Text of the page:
The Olympics always bring out the competitive spirit in me. I find my heart racing along with the athletes as they put their lifetime of training to the test for their shot at Olympic glory. For some the difference between a gold medal and despair can be as little as a few hundredths of a second. After this week’s tie for the gold medal in Women’s downhill skiing, a first in Olympic Alpine skiing history, many were suggesting that they needed to start measuring times in the thousandths of a second. Swiss watchmaker Omega has been measuring Olympic time since 1932 and claims that their technology can be accurate to the millionth of a second but the level of accuracy for each sport is determined by the corresponding federation. Whatever the measure of time, success or failure for each of these athletes can come down to the slightest nuance during their final performance.
With a new year brings the annual cycle of personal New Year’s resolutions. Frequently these resolutions include losing weight, reading more, spending less, or getting more involved. Many of us want to change from our current course to something that is more desirable but statistically 88% of the time we will fail at our resolutions. Oftentimes failure comes early in that we say we want to make changes but we never even take the first step.
Driving corporate innovation is far more complicated than most observers realize. During my Innovation Development days I knew that successfully launching a new initiative was a long shot. but looking back I had greatly underestimated all of the forces at play, especially the internal politics. As many organizations are mining “big data” to make better business decisions some companies are looking to mine their “innovation data” to better understand these internal and external forces that determine an initiative’s success or failure.
Much was made this last week over United Parcel Service’s (UPS) failure to deliver packages before Christmas. The media seemed to border on delight in sharing the stories of customers who were upset that their packages didn’t arrive in time. As I heard these stories played over and over again I kept wondering how we got to this point. Last minute shoppers who were Amazon Prime members could order their gifts on December 22nd and still expect them to be delivered anywhere in the country before Christmas with free two-day shipping. But when some gifts didn’t arrive in time who’s to blame – the retailer, the shipper, or us, the consumer?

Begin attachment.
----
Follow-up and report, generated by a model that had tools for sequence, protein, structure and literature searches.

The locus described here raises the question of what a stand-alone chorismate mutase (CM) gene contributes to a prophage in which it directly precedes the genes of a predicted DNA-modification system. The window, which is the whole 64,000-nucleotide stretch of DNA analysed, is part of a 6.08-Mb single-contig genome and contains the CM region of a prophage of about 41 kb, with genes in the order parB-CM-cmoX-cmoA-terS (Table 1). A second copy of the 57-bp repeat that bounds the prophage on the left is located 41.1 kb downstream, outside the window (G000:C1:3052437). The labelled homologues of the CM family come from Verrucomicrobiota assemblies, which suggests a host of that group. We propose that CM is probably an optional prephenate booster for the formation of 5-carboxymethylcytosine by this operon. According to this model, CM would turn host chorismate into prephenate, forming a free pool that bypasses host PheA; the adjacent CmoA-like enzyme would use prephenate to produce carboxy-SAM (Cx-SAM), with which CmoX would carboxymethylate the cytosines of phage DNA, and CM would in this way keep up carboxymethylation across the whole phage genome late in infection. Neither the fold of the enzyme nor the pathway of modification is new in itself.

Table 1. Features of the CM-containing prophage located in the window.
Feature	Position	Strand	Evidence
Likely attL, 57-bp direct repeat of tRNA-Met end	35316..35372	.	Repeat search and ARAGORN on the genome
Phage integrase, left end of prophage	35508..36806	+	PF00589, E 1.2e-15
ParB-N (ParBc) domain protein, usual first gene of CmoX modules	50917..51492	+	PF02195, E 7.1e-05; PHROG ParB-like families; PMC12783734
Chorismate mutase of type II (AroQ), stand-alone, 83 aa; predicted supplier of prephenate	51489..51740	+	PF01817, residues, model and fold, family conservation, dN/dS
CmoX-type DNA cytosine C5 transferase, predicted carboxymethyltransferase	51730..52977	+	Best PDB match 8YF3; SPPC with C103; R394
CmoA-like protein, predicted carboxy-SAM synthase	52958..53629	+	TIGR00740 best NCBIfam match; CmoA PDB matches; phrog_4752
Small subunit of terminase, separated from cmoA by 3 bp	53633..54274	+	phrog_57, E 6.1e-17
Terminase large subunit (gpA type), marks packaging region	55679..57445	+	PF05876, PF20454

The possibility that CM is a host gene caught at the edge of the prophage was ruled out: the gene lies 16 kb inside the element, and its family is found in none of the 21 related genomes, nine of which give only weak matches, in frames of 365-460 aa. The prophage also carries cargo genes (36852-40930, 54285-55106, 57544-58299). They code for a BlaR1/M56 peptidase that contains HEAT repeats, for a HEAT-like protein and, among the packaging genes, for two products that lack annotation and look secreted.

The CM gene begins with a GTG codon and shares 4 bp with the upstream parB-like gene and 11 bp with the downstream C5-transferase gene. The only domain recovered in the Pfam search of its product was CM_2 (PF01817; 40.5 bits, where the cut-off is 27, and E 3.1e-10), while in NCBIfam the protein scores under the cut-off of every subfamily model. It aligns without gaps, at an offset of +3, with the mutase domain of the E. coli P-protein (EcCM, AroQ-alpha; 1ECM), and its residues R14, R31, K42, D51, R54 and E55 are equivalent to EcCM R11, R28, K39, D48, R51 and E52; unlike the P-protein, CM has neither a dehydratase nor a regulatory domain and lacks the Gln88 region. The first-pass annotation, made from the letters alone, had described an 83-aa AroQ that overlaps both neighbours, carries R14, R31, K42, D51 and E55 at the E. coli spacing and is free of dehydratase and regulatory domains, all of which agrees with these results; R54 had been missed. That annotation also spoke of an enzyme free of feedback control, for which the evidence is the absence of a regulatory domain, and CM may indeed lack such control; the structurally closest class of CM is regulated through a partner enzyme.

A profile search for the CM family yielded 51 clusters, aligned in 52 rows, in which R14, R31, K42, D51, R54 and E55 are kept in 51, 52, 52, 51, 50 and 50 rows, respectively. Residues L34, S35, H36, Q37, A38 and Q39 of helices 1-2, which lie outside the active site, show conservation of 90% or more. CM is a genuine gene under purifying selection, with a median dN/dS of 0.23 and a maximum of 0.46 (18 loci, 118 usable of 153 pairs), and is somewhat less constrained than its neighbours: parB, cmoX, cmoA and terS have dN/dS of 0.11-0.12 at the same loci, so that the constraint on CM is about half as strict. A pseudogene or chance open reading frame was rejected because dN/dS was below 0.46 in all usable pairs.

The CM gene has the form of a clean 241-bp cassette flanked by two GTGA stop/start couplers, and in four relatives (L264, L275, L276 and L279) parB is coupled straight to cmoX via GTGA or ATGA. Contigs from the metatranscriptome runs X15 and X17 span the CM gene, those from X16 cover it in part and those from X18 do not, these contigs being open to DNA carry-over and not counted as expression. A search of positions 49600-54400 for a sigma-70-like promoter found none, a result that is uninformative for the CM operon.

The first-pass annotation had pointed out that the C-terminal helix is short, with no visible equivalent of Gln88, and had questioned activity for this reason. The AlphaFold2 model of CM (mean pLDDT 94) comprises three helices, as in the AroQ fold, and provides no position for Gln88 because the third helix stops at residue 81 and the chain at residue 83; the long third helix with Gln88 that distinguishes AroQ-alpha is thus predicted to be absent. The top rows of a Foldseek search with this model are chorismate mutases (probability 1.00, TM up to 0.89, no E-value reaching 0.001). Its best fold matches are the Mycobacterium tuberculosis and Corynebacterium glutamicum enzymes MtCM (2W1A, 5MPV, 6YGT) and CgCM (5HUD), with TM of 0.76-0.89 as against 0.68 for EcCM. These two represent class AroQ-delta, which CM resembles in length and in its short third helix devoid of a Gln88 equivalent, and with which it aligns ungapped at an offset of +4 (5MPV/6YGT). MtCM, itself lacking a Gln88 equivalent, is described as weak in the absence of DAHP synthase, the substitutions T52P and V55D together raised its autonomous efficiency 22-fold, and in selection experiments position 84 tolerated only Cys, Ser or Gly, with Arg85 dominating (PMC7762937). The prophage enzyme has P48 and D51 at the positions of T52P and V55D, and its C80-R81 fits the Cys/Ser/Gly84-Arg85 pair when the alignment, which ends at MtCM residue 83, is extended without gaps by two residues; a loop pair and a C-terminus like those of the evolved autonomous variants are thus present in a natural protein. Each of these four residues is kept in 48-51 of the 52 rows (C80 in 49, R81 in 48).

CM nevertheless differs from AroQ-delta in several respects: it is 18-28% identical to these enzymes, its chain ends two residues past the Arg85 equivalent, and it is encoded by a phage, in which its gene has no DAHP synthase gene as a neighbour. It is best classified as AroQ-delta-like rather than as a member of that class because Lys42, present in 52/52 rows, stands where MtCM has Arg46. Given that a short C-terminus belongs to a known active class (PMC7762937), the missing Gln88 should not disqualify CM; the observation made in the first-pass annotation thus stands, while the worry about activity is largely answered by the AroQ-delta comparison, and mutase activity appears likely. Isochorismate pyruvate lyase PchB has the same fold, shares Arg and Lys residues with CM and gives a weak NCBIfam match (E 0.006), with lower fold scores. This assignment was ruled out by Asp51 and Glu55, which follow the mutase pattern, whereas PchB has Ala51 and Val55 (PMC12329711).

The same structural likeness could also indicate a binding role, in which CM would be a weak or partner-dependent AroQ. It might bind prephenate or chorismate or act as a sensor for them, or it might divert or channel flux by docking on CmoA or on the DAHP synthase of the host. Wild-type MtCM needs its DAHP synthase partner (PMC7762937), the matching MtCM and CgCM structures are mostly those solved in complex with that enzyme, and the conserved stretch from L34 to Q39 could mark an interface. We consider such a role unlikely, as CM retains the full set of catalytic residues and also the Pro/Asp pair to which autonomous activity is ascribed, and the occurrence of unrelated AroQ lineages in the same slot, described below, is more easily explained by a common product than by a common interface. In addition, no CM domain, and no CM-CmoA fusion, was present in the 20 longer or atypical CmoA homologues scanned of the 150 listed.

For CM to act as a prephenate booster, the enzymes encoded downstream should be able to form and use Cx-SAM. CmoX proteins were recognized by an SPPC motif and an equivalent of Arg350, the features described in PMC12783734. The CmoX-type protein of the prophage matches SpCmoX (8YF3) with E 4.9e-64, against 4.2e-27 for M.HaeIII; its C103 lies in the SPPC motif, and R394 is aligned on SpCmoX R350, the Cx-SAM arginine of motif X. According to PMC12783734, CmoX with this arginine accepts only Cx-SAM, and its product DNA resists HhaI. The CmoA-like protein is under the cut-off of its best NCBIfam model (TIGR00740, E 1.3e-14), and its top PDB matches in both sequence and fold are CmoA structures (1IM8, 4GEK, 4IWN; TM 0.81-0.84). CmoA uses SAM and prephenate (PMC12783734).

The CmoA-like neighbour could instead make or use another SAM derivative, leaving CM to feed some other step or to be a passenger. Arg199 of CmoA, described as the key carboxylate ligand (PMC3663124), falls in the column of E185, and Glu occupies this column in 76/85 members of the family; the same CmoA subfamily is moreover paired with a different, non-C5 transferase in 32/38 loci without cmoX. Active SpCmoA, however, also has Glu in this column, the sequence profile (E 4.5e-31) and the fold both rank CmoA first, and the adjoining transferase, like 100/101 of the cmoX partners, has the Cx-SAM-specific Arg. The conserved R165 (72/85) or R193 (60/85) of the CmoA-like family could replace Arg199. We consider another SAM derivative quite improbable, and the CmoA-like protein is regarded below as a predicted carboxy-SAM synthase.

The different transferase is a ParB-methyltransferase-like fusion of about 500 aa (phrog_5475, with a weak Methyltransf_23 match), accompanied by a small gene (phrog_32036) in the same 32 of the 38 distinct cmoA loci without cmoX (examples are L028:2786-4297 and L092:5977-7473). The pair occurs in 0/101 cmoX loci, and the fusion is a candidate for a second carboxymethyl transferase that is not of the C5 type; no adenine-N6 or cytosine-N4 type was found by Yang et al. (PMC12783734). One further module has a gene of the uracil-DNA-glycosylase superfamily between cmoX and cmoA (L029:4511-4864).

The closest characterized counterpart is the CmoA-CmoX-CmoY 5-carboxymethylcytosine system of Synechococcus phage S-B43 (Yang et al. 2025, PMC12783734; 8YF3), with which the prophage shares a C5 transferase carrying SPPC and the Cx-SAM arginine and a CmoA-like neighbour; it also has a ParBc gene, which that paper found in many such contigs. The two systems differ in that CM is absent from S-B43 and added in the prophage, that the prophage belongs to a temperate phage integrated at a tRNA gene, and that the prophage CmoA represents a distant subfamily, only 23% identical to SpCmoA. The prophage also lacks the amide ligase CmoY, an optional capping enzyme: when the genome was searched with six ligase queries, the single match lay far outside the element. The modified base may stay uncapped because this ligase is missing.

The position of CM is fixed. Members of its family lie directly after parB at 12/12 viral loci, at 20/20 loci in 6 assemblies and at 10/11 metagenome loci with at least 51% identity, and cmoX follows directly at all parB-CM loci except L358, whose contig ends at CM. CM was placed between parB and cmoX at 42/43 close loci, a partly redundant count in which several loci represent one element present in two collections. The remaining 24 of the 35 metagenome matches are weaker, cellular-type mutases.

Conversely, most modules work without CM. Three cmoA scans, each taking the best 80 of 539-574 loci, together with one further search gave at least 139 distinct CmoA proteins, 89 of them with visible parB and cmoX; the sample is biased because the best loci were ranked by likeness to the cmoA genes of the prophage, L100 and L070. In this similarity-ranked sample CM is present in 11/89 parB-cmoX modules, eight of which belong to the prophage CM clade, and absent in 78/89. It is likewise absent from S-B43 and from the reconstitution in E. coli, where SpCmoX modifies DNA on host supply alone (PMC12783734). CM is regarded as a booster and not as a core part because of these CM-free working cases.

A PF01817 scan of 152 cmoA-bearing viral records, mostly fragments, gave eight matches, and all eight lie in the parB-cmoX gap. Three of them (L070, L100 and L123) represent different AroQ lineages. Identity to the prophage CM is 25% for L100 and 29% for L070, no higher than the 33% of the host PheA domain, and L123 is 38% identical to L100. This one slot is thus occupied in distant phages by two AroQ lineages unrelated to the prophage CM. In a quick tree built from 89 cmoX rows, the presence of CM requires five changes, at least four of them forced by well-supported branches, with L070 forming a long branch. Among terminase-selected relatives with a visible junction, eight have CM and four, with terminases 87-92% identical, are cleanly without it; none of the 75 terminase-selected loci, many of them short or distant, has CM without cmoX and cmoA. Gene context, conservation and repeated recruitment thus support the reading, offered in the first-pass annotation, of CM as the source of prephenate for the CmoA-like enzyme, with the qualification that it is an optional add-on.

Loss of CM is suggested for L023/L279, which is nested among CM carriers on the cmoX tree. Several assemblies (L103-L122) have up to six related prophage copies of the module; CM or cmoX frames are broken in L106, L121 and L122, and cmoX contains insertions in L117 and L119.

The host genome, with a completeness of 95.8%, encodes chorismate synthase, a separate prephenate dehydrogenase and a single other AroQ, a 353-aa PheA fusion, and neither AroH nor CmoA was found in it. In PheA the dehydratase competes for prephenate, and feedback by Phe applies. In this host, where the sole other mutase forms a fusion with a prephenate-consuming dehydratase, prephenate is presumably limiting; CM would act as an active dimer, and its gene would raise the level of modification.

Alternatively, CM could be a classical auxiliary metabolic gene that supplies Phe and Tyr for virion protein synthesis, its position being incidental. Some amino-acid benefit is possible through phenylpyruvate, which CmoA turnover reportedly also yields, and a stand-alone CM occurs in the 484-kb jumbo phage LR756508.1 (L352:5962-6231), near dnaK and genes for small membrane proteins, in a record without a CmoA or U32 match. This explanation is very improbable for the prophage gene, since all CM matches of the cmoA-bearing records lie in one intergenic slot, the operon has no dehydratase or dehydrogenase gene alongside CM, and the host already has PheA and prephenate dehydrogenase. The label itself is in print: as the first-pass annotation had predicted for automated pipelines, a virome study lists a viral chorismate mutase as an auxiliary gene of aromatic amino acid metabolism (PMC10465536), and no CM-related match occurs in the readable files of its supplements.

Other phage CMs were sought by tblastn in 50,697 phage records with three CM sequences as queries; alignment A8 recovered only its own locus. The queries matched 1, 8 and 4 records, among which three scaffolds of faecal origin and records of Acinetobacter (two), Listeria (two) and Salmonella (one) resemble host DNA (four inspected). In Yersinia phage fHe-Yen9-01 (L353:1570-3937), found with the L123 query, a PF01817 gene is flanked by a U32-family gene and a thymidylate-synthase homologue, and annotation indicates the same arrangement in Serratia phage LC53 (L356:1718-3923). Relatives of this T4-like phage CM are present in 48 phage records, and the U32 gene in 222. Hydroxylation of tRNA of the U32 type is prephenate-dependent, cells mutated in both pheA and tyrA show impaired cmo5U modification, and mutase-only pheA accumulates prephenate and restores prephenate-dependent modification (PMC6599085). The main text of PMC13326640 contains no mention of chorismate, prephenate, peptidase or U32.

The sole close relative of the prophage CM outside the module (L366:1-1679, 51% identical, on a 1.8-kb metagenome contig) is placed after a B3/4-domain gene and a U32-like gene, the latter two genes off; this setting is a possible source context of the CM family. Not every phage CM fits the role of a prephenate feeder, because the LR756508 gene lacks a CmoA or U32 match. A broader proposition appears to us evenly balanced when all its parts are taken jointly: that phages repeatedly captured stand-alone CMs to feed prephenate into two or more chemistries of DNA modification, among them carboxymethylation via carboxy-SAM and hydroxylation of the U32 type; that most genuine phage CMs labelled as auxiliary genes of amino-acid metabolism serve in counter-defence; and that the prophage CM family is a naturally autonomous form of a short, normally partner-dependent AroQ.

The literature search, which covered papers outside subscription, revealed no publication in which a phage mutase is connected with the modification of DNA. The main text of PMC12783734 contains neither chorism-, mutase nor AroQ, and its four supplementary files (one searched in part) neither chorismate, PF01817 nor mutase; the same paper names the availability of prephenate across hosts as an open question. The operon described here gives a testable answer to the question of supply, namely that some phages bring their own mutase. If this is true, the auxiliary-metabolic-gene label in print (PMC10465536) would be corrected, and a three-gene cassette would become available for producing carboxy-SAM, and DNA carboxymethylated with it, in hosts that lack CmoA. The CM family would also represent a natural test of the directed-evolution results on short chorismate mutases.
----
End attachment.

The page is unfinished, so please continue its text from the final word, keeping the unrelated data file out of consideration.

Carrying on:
Over the last few years I have frequently helped friends and colleagues in their search to find new work opportunities. Every time I start our conversation by asking how they are building their personal brand. I know that it sounds a bit ridiculous but in the age of an abundance of job candidates, how are they going to stand out? How are they building their exposure to their professional network to improve the odds that they are found?
The truth is that nonprofits experience failure just like every for-profit business: new initiatives fall short of expectations, the synergy of partnerships fails to materialize, or expansion plans overburden an organization’s cash flow. But because nonprofits are so reliant on donations and grants to fund their operations even mentioning the word failure can be lethal. The perception, and perhaps reality, is that no donor wants to think that their contribution is being wasted and no foundation wants to report back to their board on “failed” investments. The result is that “safer is better” and failures are frequently covered up.
As families gather in the United States this week to celebrate the Thanksgiving holiday there will likely be a common inconsistency in their stories. Many will likely be thankful for the job that they currently have even though they are considerably dissatisfied with that job. With the economic downturn organizations have been so focused on squeezing out costs from their operations that most have neglected investing in their people. The result is that most employees are at a historically low level of engagement with their employers.
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